Soffits are those things on your roof that cover the underside of the overhang. They’re not something you necessarily think about, or worry about, that is, until they break, or something goes wrong. Or if you see a wasp’s nest or beehive hanging from them.
The main function of soffits are to shade your exterior walls and protect them from bad weather. They also keep rain away from your foundation and typically provide ventilation for your attic, keeping it cool and dry.
There are several pieces that surround the soffit that make sense to cover off so you’ll know just how important they are in the scheme of things.
Gutter and downspout. The purpose of gutters is to catch rainwater flowing down the roof and direct it to your downspouts. They can fill up with leaves so this is something to be aware of. If they get clogged, they can put strain on your roof and the surrounding areas. Cleaning them is something we have help you out with.
Shingle molding. An exterior molding that’s installed at the top edge of the fascia board and is adjacent to the shingles.
Fascia. The vertical piece that connects your roof and the soffit.
Lookouts. The rafter tails that cantilever from your exterior wall and support the roof, providing a surface for fascia and soffit to attach.
Rafter tail. Roof joists that support the roof surface.
Soffits. Exterior ceiling panel that covers the bottom side of the rafter tails.
Crown molding. This is attached to the exterior wall and supports the soffit.
How to Know if Soffits Are Going Bad
Usually, you’ll see peeling paint or brown stains. This can indicate water issues. When wood gets wet it will warp, shed its paint, and rot. Sometimes even holes can appear.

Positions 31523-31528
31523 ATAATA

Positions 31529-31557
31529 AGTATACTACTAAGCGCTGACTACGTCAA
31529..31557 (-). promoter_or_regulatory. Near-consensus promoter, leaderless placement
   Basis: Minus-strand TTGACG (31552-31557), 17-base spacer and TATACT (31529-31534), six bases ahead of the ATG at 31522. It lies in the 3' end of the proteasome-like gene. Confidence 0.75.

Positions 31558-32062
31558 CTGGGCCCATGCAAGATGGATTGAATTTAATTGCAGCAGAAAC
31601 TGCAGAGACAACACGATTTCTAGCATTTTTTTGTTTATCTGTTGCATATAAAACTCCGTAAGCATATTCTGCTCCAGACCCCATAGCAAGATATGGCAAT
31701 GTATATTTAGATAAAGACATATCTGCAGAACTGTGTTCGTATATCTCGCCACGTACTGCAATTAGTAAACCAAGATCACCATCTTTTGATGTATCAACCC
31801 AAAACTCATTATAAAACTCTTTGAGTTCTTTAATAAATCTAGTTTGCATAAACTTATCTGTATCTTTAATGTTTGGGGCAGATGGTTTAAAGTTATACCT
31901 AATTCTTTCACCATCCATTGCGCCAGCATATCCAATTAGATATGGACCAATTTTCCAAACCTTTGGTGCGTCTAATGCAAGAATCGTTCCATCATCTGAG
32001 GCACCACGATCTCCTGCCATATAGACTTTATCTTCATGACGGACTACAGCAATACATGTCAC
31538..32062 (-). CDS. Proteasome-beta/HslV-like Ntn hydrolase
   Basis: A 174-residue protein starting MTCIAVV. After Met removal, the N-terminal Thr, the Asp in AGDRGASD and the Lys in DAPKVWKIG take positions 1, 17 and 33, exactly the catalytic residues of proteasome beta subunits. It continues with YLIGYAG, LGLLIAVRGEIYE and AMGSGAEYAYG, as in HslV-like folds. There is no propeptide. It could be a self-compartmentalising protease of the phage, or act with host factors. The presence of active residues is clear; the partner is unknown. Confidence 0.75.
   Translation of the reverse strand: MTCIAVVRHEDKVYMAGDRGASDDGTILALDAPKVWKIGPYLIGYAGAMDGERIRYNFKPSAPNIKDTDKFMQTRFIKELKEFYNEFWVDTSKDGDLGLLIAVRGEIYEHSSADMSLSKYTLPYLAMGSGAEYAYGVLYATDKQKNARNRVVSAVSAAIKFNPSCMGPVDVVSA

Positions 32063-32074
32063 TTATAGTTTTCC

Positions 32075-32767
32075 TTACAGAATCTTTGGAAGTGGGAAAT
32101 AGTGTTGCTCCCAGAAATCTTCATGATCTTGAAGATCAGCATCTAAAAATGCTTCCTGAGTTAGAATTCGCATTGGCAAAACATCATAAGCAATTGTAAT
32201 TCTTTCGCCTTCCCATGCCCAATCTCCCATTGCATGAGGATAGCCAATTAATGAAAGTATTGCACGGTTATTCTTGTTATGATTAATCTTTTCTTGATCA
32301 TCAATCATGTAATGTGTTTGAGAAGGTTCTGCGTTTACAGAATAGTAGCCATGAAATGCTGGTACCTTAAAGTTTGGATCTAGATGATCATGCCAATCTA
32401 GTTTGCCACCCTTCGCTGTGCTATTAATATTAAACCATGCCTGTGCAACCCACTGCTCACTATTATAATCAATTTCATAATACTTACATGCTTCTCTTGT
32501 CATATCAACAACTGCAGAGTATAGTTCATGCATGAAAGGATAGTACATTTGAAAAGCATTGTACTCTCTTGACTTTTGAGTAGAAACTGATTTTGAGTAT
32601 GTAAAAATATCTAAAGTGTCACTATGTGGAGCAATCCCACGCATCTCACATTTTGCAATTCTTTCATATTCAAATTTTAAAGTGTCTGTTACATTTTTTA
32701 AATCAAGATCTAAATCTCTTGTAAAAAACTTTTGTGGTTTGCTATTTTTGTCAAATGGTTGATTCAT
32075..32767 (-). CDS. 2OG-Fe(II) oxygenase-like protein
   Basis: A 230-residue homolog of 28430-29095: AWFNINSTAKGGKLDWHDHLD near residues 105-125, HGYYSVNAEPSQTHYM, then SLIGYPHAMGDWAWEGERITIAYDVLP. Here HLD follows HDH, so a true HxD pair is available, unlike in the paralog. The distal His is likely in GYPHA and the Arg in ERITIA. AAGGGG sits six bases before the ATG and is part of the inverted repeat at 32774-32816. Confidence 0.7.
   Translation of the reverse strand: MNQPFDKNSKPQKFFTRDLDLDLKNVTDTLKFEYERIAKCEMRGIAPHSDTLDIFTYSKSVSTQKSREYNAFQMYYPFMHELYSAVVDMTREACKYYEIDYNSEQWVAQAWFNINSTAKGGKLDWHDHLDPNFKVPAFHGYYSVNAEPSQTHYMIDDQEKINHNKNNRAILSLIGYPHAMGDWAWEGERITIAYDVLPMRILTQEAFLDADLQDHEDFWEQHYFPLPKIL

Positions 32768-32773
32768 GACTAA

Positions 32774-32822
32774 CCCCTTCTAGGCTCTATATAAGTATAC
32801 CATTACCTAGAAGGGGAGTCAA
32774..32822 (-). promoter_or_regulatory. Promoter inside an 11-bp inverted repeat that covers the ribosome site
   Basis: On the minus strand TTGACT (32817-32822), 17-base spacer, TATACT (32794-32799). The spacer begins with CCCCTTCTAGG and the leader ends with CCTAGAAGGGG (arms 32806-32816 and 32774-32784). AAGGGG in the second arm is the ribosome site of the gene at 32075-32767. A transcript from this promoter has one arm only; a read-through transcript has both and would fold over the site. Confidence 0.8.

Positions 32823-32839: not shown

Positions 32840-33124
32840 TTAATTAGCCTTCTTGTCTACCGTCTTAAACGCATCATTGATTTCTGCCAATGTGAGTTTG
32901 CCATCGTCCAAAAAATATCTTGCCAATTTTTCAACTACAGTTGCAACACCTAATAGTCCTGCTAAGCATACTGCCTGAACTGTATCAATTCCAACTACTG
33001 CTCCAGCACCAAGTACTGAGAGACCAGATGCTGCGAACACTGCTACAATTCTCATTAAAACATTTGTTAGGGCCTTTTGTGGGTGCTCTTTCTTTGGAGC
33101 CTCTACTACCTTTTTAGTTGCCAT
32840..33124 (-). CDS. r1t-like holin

How to Fix Your Soffits
Unless you’re pretty skilled at home improvement, this is a job best left to the professionals. But here’s a quick glance at what the process looks like.
- Remove the shingle molding from the fascia. A flat bar is the best tool to use. If the molding is salvageable, great, you can put it back on. If not, you’ll need to replace this, too.
- Remove fascia. When doing this, be very careful because this might be rotted.
- Remove soffit. You might be surprised what you find in here, as squirrels and other critters like to set up camp here.
- Remove the rafter. Reciprocating saws work well here, but this is NOT something a novice should try.
- Attach cleat. This helps support the new overhang.
- Seal the new soffit. Prime the top and bottom, and paint with sealant to protect it from water damage.
- Attach new soffit. These are usually made of plywood, Hardie® board, or fiber cement board.
- Replace crown molding. This helps secure and bolster the soffit to the wall.
- Attach new fascia. Use galvanized nails and putty the holes.
- Attach shingle mold. Use a tape measure and level for a consistent look
As you can see, repairing your soffits is a complicated, detailed task, something we’re ready and waiting to help you with. Remember, at Peak, we guarantee all our work and are just a phone call away.